VAN NUYS, Calif.—In a meeting yesterday at his studio, 18-year adult industry veteran Mr. Marcus sought to put to rest swirling rumors and identified himself as positive with syphilis and admitted to submitting a test he altered that omitted his syphilis status to producers so he could perform in sex scenes, but said he had sought treatment already from a private doctor and had received a penicillin shot to treat the disease, and had waited a recommended period of time before performing again.
The meeting at Mr. Marcus' studio was attended by this reporter, XBIZ Executive Managing Editor Dan Miller, FSC Executive Director Diane Duke, FSC board member and Evil Angel General Manager Christian Mann, and Mr. Marcus himself.
Yesterday afternoon's meeting was the first time Mr. Marcus admitted to being diagnosed as positive for syphilis, performing three times after that diagnosis, and willfully doctoring one test from Talent Testing Service.
Mr. Marcus said that as of yesterday each of the female performers he worked with since testing positive had re-tested negative for syphilis, which Duke confirmed. Duke has been working with Mr. Marcus since the weekend on creating a genealogy of co-stars that he worked with both before and after his positive diagnosis.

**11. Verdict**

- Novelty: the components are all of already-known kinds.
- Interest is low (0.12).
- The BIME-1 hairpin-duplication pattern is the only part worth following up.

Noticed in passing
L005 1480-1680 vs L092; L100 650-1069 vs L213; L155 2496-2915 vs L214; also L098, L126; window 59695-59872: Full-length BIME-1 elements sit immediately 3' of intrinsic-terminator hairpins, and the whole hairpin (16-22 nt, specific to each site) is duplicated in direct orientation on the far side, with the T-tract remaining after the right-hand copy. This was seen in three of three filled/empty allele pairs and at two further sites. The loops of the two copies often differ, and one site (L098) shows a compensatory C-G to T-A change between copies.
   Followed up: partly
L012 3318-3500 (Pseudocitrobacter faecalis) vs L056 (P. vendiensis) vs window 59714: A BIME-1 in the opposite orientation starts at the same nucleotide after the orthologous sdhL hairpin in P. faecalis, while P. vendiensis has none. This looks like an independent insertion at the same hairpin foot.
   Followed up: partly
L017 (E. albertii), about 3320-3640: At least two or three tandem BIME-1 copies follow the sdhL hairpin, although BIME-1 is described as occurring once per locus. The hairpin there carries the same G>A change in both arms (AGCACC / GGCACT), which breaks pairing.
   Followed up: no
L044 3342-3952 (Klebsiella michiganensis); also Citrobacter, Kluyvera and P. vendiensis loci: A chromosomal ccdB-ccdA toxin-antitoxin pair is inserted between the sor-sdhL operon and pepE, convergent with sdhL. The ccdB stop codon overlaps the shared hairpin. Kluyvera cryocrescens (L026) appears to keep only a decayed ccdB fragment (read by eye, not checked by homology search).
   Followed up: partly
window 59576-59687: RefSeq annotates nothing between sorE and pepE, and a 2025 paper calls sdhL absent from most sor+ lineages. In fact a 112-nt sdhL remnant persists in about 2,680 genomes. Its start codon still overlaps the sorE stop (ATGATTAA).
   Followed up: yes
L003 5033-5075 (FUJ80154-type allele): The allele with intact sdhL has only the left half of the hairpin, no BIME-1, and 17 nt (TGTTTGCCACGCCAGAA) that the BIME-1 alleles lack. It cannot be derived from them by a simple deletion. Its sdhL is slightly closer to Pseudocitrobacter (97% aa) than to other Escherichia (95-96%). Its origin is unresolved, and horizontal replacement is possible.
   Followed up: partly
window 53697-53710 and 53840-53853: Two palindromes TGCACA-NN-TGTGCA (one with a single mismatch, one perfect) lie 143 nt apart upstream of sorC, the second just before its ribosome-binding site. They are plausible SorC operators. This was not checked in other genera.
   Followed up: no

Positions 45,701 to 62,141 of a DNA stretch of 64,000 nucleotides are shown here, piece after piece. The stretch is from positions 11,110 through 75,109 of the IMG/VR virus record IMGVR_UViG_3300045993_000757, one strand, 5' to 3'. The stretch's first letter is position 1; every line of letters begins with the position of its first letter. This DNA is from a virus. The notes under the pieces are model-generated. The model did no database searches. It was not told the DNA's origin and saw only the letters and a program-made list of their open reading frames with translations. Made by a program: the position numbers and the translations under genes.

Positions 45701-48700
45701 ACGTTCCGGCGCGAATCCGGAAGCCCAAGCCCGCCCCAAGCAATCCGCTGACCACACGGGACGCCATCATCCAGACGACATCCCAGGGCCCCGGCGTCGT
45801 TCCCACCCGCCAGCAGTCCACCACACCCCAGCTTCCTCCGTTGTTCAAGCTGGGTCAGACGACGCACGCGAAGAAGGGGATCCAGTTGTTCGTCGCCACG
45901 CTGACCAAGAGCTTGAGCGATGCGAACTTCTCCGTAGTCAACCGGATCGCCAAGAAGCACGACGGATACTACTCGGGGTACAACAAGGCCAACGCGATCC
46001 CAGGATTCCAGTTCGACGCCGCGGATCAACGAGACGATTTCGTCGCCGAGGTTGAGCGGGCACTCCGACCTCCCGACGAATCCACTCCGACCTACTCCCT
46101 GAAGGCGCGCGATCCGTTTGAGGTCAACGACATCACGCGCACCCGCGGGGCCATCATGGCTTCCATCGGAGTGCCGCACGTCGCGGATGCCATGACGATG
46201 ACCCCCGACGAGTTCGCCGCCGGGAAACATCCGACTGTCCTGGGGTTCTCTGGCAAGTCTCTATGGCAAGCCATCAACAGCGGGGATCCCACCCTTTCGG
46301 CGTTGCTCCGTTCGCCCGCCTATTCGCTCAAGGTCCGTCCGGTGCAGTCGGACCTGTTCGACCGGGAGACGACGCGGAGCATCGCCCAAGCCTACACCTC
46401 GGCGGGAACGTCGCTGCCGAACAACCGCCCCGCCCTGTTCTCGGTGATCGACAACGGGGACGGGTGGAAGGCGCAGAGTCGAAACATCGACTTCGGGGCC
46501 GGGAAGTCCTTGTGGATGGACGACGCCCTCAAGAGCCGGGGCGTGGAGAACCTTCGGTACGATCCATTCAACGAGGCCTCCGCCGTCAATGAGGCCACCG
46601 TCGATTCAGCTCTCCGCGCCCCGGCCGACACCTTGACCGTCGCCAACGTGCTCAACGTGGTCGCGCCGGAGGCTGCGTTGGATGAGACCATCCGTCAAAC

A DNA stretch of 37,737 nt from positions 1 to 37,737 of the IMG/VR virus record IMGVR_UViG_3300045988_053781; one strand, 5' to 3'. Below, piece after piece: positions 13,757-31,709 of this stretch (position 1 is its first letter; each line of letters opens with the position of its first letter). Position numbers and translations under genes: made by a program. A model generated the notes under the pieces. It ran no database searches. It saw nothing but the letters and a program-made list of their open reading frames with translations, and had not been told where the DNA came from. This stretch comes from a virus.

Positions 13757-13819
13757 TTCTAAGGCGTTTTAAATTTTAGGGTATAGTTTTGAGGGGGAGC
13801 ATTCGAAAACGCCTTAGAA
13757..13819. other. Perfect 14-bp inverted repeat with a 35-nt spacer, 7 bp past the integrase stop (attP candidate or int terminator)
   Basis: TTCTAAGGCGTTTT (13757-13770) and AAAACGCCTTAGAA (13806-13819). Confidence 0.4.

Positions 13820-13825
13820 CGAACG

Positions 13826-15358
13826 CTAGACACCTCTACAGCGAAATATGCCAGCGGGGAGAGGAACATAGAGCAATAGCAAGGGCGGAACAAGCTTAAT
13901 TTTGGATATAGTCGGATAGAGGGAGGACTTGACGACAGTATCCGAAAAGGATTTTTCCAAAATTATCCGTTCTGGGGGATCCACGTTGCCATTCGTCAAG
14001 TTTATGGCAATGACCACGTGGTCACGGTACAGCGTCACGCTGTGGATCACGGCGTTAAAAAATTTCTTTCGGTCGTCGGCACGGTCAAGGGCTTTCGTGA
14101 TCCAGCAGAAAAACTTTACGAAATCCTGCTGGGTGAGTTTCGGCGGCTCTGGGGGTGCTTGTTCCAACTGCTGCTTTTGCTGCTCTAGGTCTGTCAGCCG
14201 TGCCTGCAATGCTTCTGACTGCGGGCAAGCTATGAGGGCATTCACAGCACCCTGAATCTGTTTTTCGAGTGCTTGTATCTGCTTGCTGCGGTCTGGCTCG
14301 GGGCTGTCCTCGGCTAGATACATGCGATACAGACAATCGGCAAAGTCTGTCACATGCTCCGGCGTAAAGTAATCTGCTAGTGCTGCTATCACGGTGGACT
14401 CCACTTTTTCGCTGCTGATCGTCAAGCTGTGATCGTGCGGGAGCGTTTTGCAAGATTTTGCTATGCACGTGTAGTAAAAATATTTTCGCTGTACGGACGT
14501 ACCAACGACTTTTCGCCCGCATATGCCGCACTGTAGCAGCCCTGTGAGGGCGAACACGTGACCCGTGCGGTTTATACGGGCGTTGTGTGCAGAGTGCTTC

With the gossip mill churning heavily in the San Fernando Valley in recent weeks over unsubstantiated news reports of a cluster of syphilis-positive U.S. performers—particularly in light of the outbreak in Budapest, and with two adult industry agents last week claiming the performer admitted to them that he worked while positive with syphilis, and that he doctored his test—something he denies he told them—Mr. Marcus felt that it was important to come forward and be accountable.
According to Mr. Marcus' timeline, he saw his personal physician July 11 after not feeling well. The next day, July 12, the physician told Mr. Marcus that he tested positive for syphilis. On the subsequent day, July 13, he went and got a penicillin shot and was told to abstain from sexual activity for 7-10 days, which he reports he did and even cancelled shoots within that timeframe.
On the eleventh day after he received the dose of penicillin, July 24, he worked, he said, based on his physician telling him after 10 days that he would be able to have sex.
"My personal doctor doesn't know what I do for a living," Mr. Marcus said. "So his thing was just don't have any sex for 7-10 days. Once I did that shot I felt pretty confident. Every doctor I talked to up to that point said 'you get the shot. That's it.' If you had the syphilis in your system a lot longer than that you need three shots. But based on what he determined from my blood and looking at my symptoms, he said the one shot was good enough. So I did the one shot and I didn't have to do anything else."